But as the brief shower ends, Cooper notes that all the carry-over research up to this point has been indirect; the best that researchers can do is make inferences, and our understanding of how one season affects others is still rudimentary. Over the past 20 years there has remained one frustrating disconnect—researchers’ inability to easily study the same individual along its entire life cycle, from winter through migration and breeding and back again.

“There’s so much individual variation in all these things that it’s so much harder to find a signal in the noise,” Cooper says. “But if you’re looking at the exact same bird [each time], you can control for a lot of that variation.”

That’s what makes this project so ground-breaking. With both winter and summer data in hand, Cooper hopes to eventually start teasing apart how a warbler’s fat stores on Cat Island affected its departure date and migration speed, or whether its muscle mass predicted its arrival date in Michigan or the likelihood of its disappearance en route. In the seasons to come, Cooper and Marra want to drill down into the still poorly understood question of how Kirtland’s Warblers are using the Bahamas in winter. For example: Why do some individuals hunker down in one spot all season while others roam widely? Are the strategies tied to age or sex, and is one more successful than the other?

The scientists also hope to expand the research to multiple islands in the chain, each of which has its own rainfall regimen, and thus gain better insights into the effects of winter precipitation as they track departures, flight times, and breeding successes. There is so much to learn. And the lessons coming from Cat Island will also have broad implications for migrants throughout the Caribbean and Central America, where the majority of North America’s neotropical songbirds spend the winter. As with the Kirtland’s, the ways in which winter conditions affect their migration survival and breeding success have barely been scratched.

The information that the tagged Kirtland’s Warblers should provide comes just in time, as the species, despite its robust recovery, could be reaching a climatological tipping point. Climate models suggest the Caribbean region, one of the most important songbird wintering areas on Earth, will continue to dry out as the planet warms. Alarmingly, Rockwell’s rainfall analysis concluded that as little as a further 12 percent reduction in average winter precipitation in the Bahamas could send Kirtland’s Warblers back into decline.

That level of climate change isn’t theoretical; Rockwell noted that since the 1950s, rainfall in the Bahamas has already decreased up to 14 percent on at least one island. A study published in July 2017 by Cornell researchers and others, layering climate modeling over eBird data on songbird distribution, predicts that less rain on the wintering grounds, combined with warmer and rainier conditions in the north, will challenge many species that winter in the Neotropics. In the end, the carry-over effects from such changes may make or break the long-term survival of hundreds of species.

Two months later, at the end of June, I reconnect with Nathan Cooper and his team near Luzerne, Michigan, about three hours north of Detroit in the middle of the Huron-Manistee National Forests. It’s miles of two-lane road to get there, through forests of mixed hardwoods and deep pines, across tannin-stained creeks that flow into the Au Sable River.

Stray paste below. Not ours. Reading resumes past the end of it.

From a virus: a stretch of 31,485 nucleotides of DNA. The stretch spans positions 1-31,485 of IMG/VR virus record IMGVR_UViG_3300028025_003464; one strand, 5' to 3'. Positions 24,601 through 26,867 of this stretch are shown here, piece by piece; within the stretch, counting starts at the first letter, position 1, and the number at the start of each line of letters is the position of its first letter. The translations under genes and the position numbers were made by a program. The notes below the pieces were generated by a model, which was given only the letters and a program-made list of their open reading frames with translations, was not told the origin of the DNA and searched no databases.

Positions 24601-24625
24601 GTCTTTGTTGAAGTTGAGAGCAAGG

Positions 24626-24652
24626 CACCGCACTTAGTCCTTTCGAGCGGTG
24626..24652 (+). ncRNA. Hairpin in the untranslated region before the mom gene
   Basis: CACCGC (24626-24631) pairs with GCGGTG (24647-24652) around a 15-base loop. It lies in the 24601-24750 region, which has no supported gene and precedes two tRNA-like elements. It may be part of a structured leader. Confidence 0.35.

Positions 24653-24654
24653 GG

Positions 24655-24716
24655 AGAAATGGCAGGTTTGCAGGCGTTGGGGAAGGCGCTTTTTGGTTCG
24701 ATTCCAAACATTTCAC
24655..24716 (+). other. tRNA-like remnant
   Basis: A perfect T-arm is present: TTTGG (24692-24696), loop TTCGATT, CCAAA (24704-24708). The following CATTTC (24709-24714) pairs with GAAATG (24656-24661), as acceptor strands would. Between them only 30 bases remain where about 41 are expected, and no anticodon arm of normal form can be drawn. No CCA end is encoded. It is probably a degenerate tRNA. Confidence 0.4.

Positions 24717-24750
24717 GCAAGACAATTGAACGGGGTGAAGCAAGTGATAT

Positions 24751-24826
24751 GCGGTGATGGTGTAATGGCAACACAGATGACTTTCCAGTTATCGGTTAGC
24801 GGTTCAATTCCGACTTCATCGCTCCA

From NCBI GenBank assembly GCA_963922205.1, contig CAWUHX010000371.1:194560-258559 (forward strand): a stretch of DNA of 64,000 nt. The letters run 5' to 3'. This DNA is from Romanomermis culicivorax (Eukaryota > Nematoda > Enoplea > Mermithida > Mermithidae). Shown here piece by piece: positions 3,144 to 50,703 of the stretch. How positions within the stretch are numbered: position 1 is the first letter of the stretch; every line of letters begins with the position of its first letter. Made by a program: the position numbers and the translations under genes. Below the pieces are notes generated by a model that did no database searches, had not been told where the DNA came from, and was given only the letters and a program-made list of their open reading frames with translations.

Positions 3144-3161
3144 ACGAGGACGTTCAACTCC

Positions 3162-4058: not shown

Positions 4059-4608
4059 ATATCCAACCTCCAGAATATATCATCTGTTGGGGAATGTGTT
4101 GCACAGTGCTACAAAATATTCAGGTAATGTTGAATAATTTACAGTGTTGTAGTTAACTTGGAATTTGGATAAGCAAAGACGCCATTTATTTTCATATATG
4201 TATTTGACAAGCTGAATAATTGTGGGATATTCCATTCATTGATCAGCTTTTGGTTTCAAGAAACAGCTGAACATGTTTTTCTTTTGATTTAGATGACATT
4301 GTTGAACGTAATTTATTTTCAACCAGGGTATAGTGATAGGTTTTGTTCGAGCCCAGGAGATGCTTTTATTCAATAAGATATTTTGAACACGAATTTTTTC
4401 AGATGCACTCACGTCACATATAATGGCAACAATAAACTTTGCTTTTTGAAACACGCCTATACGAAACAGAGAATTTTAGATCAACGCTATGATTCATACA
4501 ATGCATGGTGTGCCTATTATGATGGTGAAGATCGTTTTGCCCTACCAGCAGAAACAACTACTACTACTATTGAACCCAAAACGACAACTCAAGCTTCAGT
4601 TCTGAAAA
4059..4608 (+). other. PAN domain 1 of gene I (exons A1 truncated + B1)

It’s been a long field season for Cooper, and he looks exhausted. The day after returning from the Bahamas, he drove to Michigan and began erecting the network of nearly a dozen 40-foot-high receiver towers around the breeding grounds, which were finished just in time to catch the arrival of the first tagged warbler on May 14. Of the 63 birds they’d tagged in the Bahamas, receivers along the East Coast detected the signals of 30 in migration—in Florida and Georgia, in western Pennsylvania, along the shore of Lake Erie in Ohio, and in southern Ontario. Thirty-three Kirtland’s Warblers—including some that weren’t detected en route—would eventually be found in Michigan by Cooper’s team; five of the birds detected in migration weren’t relocated in Michigan, possibly because they didn’t nest in the core range.

Later, when he reviews the data, Cooper will make a surprising discovery: An unusual number of the 25 tagged warblers that vanished en route seem to have disappeared in the initial 300 or so miles between Cat Island and the U.S. coast, not the much longer leg from Florida and Georgia to Michigan. Does that mean these birds weren’t in good enough condition and faltered immediately? It’s possible, but Cooper is cautious about drawing conclusions. The tracking data do, however, confirm earlier evidence that the departure date from the Bahamas determines the arrival date in Michigan; late-leaving birds can’t seem to make up lost time. It’s still more confirmation that conditions on the wintering grounds are critically important.

The sun hasn’t yet risen as I squirm through a dew-soaked stand of jack pine, trying to follow Smithsonian interns Cassandra Waldrop and Justin Peel as they, in turn, follow a singing male warbler—a bird Waldrop suspects is one of the tagged males from the Bahamas. It’s hard to overstate how confusingly featureless Kirtland’s habitat appears to a human encountering it for the first time. The trees are eight to twelve feet high, planted five or six feet apart, and form a gray-green wall through which you must force yourself. When we finally locate the target male, his legs are bare—not one of the tagged Cat Island birds. Later, the pair leads me to a tagged male and his mate. The male chips and fusses at us while the female sits tight on her grass-lined cup. Nearby, another male scolds me at barely arm’s length, several caterpillars clamped in his beak, as one of his fledglings balances uneasily on a branch. That baby is a data point, a partial answer to the question of how its father’s winter condition will affect his success as a breeder.